DePuy Hip Implant Complications May be Due to Wrong Sizes, British Lawsuit Alleges

Depuy
A lawsuit filed in the United Kingdom alleges that faulty measuring may have caused complications in patients receiving the DePuy Pinnacle metal-on-metal hip implant, Tech Times reports. The case, which was filed at the High Court, showed that DePuy Synthes identified an “error in measuring technique” at a plant reportedly based in Leeds. According to the lawsuit, certain parts of the implant were measured while hot; these measurements are not representative of the implant at room temperature. All-metal hip replacements have become controversial in recent years due to safety concerns and worldwide litigation. In Britain, 23,430 metal-on-metal hip devices have been implanted since 2003.

In Britain, as well as elsewhere in the world, patients have filed lawsuits alleging the implants caused inflammation, crippling pain and other adverse effects. In metal-on-metal hip implants, both the ball and socket components are made of metal, as opposed to plastic or ceramic. A major concern with these all-metal hip devices is that they can release metal particles into the bloodstream and surrounding tissue when the surfaces of the implant rub together. If the implant sizes are not completely accurate, this condition is exacerbated.

DePuy says their Pinnacle hip implant is accurate within 32 microns. The findings of a 2008 investigation suggest that being slight off will not impair the implant liners’ function or raise the risk of safety issues. According to surgeons, however, even a tiny difference in measurement can have significant implications for patients. British Orthopaedic Association’s former president Tim Briggs said “When the components are implanted they are matched. If there is a difference in the size it doesn’t have to be very much at all, you will change the wear characteristics,” according to Tech Times. Similarly, orthopedic professor Edward Davis said patients may suffer severe consequences if the ball component is measured at 80 degrees Celsius while the socket is measured at 30 degrees Celsius.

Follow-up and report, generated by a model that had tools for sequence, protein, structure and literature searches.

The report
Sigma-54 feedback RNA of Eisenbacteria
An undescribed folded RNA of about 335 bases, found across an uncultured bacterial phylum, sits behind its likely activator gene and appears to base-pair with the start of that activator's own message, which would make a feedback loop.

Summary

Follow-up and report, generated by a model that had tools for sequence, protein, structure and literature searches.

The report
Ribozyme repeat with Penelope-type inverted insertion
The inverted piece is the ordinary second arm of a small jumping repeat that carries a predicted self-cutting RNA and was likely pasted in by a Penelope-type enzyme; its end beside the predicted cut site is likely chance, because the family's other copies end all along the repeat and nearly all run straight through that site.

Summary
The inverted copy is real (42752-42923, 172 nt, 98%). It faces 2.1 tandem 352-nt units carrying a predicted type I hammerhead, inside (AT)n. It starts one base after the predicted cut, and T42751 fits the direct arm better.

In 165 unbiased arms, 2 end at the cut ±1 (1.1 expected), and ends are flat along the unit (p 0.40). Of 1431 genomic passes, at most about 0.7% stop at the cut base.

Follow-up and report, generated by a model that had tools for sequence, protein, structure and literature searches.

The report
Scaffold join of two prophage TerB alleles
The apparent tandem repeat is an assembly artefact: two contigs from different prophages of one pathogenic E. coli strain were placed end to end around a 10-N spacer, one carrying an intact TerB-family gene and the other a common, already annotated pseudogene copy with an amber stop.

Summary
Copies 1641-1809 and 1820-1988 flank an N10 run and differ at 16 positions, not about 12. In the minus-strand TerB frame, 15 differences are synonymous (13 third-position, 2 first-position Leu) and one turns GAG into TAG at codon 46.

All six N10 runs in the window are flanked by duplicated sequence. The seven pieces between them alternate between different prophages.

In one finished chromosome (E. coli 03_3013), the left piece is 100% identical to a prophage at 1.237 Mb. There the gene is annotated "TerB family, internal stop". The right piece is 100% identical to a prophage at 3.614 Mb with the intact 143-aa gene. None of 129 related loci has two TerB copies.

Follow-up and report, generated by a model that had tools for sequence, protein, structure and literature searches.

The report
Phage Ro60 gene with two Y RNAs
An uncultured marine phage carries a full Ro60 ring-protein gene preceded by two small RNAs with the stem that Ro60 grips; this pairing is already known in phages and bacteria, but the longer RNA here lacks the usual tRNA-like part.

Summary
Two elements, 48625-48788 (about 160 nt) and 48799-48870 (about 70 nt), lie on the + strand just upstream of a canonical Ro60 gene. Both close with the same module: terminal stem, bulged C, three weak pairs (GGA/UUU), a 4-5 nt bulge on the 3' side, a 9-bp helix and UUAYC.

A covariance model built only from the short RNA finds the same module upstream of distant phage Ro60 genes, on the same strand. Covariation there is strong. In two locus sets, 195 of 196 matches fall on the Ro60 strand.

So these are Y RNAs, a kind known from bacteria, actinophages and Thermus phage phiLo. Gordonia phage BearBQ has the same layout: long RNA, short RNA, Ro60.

Stephen Cannon, vice president of Royal College of Surgeons and honorary consultant for the Royal National Orthopaedic Hospital, says mismatched components can lead to problems regardless of whether a hip implant is a metal-on-metal or not. If the ball and socket do not fit well together, the wear rate increases. According to the National Health Service (NHS), patients who have a metal-on-metal hip implant should lookout for symptoms such as: pain in the hip, leg or groin, limping, inflammation near the hip, grinding, chest pain, difficulty breathing, numbness, weakness, changes in hearing or vision, feeling cold and weight gain. Experiencing these symptoms does not necessarily mean that the implant has failed, but NHS does advise a checkup.

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